Steve Mount's Letter to Lucasfilm
On January 20, 2000, I responded to Lucasfilm's email and letter. I sent the following via fax and by regular mail.
I got a call from a representative of Lucasfilm the next day, January 21, 2000, and she and I resolved the issue amicably, though the end result was that I was to turn over the rights to Tatooine.com to Lucasfilm.
January 19, 2000
David J Anderman
Associate Director of Business Affairs
P.O. Box 2009
San Rafael, CA 94912
I am in receipt of your email and certified letter of January 12, 2000, regarding the Internet domain name "Tatooine.com".
When I registered tatooine.com for my domain name, I did so legally and for the purpose of creating a website for personal use. I never claimed an affiliation with Lucasfilm, nor did I ever seek to profit in any way from any affiliation, express or implied. Nor have I used this site to intentionally injure the profitability of your company through negative association of any kind. On the contrary, I have always held Star Wars and Lucasfilm products in high regard, and do not have any copyrighted Lucasfilm content on my site (unlike many sites with Star Wars-related domains and Star Wars-related subject matter), either visual, aural, or textual. One visit to the main page on the site is more than enough to show that there is no affiliation, even without expressly stating such. The name "Steve Mount" is prominently displayed.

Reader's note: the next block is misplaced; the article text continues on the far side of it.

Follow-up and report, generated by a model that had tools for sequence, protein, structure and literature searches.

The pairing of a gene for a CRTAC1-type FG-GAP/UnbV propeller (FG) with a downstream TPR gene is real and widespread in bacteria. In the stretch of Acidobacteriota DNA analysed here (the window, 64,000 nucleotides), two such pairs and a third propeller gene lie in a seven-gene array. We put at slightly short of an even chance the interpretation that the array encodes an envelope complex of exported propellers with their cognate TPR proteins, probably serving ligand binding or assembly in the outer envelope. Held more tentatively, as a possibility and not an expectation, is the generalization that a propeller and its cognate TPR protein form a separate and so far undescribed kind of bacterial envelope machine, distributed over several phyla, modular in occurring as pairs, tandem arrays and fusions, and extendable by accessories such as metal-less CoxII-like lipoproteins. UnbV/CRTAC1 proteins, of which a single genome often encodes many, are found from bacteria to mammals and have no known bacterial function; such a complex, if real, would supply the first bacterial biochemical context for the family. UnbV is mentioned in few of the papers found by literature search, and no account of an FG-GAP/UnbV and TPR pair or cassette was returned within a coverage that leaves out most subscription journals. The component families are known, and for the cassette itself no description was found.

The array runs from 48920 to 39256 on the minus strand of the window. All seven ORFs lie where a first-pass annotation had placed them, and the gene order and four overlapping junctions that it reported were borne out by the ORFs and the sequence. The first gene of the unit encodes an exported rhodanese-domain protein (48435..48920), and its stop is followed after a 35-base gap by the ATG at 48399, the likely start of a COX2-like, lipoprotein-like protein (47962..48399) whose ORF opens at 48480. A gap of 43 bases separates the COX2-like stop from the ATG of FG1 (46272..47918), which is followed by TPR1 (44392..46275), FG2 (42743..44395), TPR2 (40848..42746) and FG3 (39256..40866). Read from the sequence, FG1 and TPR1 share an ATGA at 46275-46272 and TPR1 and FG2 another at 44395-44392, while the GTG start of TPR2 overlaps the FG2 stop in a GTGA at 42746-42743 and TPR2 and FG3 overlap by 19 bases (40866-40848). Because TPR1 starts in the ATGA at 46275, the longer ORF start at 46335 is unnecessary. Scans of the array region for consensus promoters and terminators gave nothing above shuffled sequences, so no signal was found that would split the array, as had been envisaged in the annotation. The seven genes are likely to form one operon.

It is not in my interest to cease to use this domain name which I registered legally and with legitimate intent. If your company finds this domain name so indispensable, one wonders why it has taken you this many years to come looking for it. I registered the domain name in March of 1997 - the opportunity for Lucasfilm to register this name had existed for years.
I understand that you are a very large company with a very well fortified legal department and perhaps some substantial economic interest in acquiring this domain name. But I also know that I acquired this domain name legally and have been using it actively for almost three years. I am not a cybersquatter by any legal or common use of the word.
I believe that a reading of recent case law will more than bolster my position. In the Avery Dennison case, the 9th Circuit Court of Appeals ruled that few marks are actually so famous as to deserve or enjoy total protection as a mark. Your use of the mark Tatooine as a location in a movie and as a descriptor for the various toys, figures, posters, books, etc., is not harmed by my use of the mark as an address. At most, my use of Tatooine in Tatooine.com is as a service mark, which cannot conflict with a trademark used for products unrelated to the service; though USTPO has ruled that domain names are neither trademarks nor service marks; they merely indicate a location on the Internet.